|Matthew Henry's Concise Commentary|
19:1-29 Lot was good, but there was not one more of the same character in the city. All the people of Sodom were very wicked and vile. Care was therefore taken for saving Lot and his family. Lot lingered; he trifled. Thus many who are under convictions about their spiritual state, and the necessity of a change, defer that needful work. The salvation of the most righteous men is of God's mercy, not by their own merit. We are saved by grace. God's power also must be acknowledged in bringing souls out of a sinful state If God had not been merciful to us, our lingering had been our ruin. Lot must flee for his life. He must not hanker after Sodom. Such commands as these are given to those who, through grace, are delivered out of a sinful state and condition. Return not to sin and Satan. Rest not in self and the world. Reach toward Christ and heaven, for that is escaping to the mountain, short of which we must not stop. Concerning this destruction, observe that it is a revelation of the wrath of God against sin and sinners of all ages. Let us learn from hence the evil of sin, and its hurtful nature; it leads to ruin.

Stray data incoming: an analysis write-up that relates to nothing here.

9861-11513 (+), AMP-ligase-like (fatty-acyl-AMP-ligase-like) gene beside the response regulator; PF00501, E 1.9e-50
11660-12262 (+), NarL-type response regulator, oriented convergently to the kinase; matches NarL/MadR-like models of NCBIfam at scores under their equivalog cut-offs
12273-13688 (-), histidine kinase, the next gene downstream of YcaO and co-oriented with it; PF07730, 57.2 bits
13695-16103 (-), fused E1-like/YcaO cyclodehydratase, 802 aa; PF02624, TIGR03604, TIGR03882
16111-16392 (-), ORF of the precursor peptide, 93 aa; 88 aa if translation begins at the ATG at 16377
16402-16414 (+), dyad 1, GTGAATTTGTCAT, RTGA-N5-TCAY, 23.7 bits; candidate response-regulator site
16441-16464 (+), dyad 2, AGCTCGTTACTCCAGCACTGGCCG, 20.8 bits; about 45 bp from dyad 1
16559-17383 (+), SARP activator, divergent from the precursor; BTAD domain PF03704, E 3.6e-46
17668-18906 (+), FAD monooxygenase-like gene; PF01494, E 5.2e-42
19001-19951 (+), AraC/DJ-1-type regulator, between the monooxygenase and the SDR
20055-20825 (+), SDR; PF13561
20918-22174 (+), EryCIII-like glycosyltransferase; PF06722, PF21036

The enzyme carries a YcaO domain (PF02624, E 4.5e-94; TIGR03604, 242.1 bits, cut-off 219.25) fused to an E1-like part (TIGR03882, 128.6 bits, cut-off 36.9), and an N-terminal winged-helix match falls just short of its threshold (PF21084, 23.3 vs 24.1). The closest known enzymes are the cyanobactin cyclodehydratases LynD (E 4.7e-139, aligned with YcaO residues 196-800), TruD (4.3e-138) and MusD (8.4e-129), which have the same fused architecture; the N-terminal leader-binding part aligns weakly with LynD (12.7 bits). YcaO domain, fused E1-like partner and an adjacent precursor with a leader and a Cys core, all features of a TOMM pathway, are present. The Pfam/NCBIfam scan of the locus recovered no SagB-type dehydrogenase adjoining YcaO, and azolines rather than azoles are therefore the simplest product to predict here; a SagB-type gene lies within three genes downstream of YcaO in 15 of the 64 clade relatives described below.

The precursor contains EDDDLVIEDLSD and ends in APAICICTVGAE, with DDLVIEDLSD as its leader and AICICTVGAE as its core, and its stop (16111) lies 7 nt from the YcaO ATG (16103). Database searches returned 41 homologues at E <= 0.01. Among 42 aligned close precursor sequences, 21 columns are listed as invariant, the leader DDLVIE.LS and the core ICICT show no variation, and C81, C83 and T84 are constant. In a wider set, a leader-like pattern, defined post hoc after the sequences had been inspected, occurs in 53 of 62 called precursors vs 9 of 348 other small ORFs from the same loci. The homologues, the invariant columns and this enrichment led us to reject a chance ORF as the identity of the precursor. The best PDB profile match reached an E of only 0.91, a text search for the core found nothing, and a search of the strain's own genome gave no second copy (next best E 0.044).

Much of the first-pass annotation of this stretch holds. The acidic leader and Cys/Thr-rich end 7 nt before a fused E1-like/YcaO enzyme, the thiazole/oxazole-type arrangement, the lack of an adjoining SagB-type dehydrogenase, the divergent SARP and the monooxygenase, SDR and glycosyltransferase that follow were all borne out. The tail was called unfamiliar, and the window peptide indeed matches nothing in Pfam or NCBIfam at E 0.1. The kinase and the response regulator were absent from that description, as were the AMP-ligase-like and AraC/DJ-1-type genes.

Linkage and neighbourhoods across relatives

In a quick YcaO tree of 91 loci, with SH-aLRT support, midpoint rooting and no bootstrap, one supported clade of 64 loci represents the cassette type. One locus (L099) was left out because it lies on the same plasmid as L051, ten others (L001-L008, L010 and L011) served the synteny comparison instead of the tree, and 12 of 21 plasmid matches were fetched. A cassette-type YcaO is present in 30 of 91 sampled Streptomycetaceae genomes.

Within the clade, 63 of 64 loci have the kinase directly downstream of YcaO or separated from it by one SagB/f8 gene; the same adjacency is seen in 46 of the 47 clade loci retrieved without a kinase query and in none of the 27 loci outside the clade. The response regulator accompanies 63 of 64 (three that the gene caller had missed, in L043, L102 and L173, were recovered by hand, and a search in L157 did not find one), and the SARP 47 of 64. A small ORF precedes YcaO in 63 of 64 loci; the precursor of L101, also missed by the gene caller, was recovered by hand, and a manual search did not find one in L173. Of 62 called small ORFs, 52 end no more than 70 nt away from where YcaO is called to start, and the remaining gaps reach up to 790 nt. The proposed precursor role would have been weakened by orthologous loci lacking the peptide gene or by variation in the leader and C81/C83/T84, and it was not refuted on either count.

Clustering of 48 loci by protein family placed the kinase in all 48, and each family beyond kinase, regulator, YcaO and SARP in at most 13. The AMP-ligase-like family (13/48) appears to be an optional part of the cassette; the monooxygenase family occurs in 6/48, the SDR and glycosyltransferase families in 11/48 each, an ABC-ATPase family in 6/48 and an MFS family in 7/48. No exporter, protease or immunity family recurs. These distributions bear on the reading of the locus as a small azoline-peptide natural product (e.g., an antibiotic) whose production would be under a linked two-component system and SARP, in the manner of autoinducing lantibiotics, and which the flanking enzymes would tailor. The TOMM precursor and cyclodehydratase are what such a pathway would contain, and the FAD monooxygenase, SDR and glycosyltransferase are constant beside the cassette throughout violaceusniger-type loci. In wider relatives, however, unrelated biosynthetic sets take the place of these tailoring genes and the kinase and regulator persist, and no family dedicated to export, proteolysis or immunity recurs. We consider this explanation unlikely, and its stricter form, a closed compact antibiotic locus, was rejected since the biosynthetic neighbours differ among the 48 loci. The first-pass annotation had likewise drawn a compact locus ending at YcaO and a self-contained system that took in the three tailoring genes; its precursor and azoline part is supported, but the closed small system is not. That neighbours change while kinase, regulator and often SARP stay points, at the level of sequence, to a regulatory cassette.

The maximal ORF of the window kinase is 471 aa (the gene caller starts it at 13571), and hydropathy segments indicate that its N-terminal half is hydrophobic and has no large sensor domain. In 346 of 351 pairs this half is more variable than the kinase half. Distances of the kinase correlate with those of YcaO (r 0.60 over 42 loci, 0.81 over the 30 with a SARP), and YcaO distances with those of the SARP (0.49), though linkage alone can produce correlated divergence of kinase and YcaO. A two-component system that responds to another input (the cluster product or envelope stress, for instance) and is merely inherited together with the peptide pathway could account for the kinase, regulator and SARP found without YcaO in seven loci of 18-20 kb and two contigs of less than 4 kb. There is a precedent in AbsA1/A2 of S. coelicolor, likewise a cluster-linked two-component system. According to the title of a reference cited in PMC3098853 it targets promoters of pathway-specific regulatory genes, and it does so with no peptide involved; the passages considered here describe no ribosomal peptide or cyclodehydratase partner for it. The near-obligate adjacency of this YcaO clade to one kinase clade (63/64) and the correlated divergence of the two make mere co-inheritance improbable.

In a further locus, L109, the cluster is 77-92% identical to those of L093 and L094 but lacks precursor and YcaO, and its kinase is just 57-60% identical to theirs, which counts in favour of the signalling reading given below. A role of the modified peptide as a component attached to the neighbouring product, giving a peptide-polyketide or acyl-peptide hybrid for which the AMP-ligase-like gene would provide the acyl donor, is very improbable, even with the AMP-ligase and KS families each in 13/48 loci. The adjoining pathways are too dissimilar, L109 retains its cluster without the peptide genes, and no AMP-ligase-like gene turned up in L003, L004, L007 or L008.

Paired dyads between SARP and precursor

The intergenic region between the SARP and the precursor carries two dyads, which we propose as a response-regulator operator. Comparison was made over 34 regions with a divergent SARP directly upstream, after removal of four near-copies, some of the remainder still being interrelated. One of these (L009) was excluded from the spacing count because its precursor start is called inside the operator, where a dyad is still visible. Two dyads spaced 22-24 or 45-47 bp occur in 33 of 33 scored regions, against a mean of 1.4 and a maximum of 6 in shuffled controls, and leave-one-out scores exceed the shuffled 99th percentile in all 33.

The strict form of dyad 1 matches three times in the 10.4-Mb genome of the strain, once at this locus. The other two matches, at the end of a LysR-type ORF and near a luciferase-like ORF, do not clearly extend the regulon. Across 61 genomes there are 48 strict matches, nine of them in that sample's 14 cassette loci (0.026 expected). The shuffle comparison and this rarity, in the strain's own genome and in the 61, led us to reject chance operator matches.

Verse 23. - The sun was risen upon the earth - literally, the sun went forth, i.e. it was now above the horizon. Lot had left Sodom with the first streak of dawn; but, having lingered, it was clear morning - when Lot entered into Zoar - or "went towards Zoar," i.e. when the angel left him (Keil).
Gill's Exposition of the Entire Bible
And the sun was risen upon the earth when Lot entered into Zoar. Which is observed partly to point at the time of his entrance into the city, and of the burning of Sodom, which began at the same time; and partly to show what a fine morning it was, and what little appearance there was of such a tempest rising as quickly did; so that the inhabitants of Sodom, who were up so early, little thought of so sudden a catastrophe, and those that were in their beds were at once surprised with it: it was a morning of light and joy to Lot, who was so wonderfully delivered, but a dreadful one to the men of Sodom and the rest of the cities of the plain, with whom the scene was soon altered; likewise from hence it appeared, that the following tempest was extraordinary, and did not proceed from natural causes.
Genesis 19:23 Parallel Commentaries
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